The Legend of Zelda– especially the music– is one big shared adventure. Everyone there had already visited the places Symphony of the Goddesses took them. Everyone had played the Serenade of Water on an ocarina; everyone had lit torches to hear the solved puzzle jingle; everyone had watched dawn rise with the Sun’s Song. The lazy flow of Kakariko Village’s theme was like flipping through an old photo album of a fondly-remembered vacation spot, but one that an entire concert hall shared in. As laughter rippled all around me at the sight of a dozen on-screen cuccos in a livid rage, I wondered how many tales the audience could tell about discovering that terrifying little Easter egg. In retrospect, I probably should have conducted interviews. Being mauled by invulnerable fowl, of course, is only one side of the coin; the timeless stories of Zelda are one of the strongest links between players there is. Setting sail in Wild Waker and the bittersweet ending to Twilight Princess were relived through renditions so passionate and sweeping that I can’t imagine anyone leaving that theatre unmoved.
Standing beneath Hylian banners draped across the walls, the creators seemed to care about Zelda just as much as the audience: Jeron Moore came on stage with his original gold NES cartridge in hand and Eimear Noone replaced her baton to conduct the Wind Waker movement with an actual life-sized Wind Waker. Once the Fairy Fountain song concluded, Mr. Moore even expressed his hope that everyone was feeling “refreshed and revived” after the intermission; a man after my own heart piece. When the symphony finally wrapped up, it actually didn’t; not one, not two, but three secret arrangements were pulled out one after the other. Gerudo Valley and Ballad of the Wind Fish delighted the audience, but it was Majora’s Mask that brought the house down like a maniacally angry moon. This fan-requested idea was successfully pitched to Nintendo and now lives on in the warm memory of anyone lucky enough to hear its chilling yet powerful finale. In the heart of noisy, busy, sometimes smelly downtown Houston, we managed to slip somewhere out of time and remember a world that doesn’t exist. I guess that’s what happens when you combine music, videogames, and people who care about them. Well, a professional symphony helps, too.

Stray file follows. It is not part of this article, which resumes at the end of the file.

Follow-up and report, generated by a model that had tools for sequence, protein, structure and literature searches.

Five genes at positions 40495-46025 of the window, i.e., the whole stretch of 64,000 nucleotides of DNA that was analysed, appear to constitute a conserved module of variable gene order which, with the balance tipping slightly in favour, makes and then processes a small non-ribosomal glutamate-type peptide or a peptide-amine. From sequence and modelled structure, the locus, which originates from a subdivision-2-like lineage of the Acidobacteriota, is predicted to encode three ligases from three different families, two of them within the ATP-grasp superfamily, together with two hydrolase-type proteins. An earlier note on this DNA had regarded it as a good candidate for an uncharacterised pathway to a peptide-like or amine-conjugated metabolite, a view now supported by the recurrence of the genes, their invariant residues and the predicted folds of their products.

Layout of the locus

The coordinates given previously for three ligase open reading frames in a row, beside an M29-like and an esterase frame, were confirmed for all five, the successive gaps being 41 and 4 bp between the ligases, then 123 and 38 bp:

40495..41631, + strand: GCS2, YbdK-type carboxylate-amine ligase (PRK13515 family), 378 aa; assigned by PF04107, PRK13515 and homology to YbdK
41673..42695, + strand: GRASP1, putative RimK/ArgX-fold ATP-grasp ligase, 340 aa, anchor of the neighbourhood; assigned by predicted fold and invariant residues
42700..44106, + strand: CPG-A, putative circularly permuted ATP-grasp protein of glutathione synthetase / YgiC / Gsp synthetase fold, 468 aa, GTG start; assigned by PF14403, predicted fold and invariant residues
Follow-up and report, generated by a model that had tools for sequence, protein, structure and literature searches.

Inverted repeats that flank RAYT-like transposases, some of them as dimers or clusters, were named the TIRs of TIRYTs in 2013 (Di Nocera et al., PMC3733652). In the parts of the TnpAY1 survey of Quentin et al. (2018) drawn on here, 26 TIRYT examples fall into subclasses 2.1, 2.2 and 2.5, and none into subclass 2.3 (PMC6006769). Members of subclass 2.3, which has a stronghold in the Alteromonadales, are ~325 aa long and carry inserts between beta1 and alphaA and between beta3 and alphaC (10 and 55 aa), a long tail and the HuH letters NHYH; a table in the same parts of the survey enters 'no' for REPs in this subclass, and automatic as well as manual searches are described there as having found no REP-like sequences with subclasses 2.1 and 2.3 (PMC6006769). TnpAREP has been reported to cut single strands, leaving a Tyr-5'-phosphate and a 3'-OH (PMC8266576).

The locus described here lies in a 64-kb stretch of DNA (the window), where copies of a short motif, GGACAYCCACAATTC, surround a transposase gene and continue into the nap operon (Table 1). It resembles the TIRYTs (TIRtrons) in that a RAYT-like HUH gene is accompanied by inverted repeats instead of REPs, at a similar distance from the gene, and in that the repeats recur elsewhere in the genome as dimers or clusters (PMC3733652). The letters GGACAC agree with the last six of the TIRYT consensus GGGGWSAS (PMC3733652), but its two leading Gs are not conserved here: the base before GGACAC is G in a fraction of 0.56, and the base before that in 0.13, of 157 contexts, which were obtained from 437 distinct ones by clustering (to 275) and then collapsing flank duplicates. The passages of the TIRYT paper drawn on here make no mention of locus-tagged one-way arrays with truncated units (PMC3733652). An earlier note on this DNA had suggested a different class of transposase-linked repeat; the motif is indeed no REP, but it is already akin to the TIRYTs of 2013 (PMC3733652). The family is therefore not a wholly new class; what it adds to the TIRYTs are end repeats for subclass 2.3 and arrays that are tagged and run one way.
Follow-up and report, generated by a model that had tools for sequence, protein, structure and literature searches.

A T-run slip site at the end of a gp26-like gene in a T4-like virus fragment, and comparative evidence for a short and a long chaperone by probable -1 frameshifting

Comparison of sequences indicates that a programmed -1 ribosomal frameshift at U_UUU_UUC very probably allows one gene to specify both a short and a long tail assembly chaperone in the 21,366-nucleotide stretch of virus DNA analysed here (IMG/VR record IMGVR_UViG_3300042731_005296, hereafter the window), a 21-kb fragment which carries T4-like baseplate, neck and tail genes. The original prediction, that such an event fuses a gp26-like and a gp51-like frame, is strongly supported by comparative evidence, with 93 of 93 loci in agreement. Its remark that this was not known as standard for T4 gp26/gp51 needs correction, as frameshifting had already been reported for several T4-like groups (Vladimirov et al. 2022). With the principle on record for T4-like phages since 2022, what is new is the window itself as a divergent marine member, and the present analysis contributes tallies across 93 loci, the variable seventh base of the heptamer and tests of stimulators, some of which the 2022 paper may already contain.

At the end of the night, my final count was thirty-five. That’s right, thirty-five street passes and more puzzle pieces than I ever dreamed of collecting. These thirty-five fans bearing Nintendo consoles might have been a drop in the hat when compared to the entire crowd of Jones Hall, but I think their pre-set 3DS messages such as “Zelda music FTW!” and “hello” spoke for us all. It was a joy to see and hear Symphony of the Goddesses with everyone involved and it has rekindled my urge to play Zelda games until my Tingle Tuner runs out of batteries. You can hunt around online for the 25th Anniversary soundtrack that came with Skyward Sword if you’d like a stupendous sampling of the concert, but do try and attend the real deal if at all possible. It gets the No Tune Unturned Stamp of Approval… which is pretty much just me liking something, I guess. But I like it a lot.
If you know of any tunes that deserve unturning, it would be fantastic for you to leave a comment below or let me know via Twitter (@NoTuneUnturned). Is there an obscure RPG soundtrack that 100% deserves more attention? Maybe you have a composer whose career is worth talking about? Whatever it may be, I’m all ears. And as always, I have some closing words that I live by every day:
Videogame music is great, so listen to it!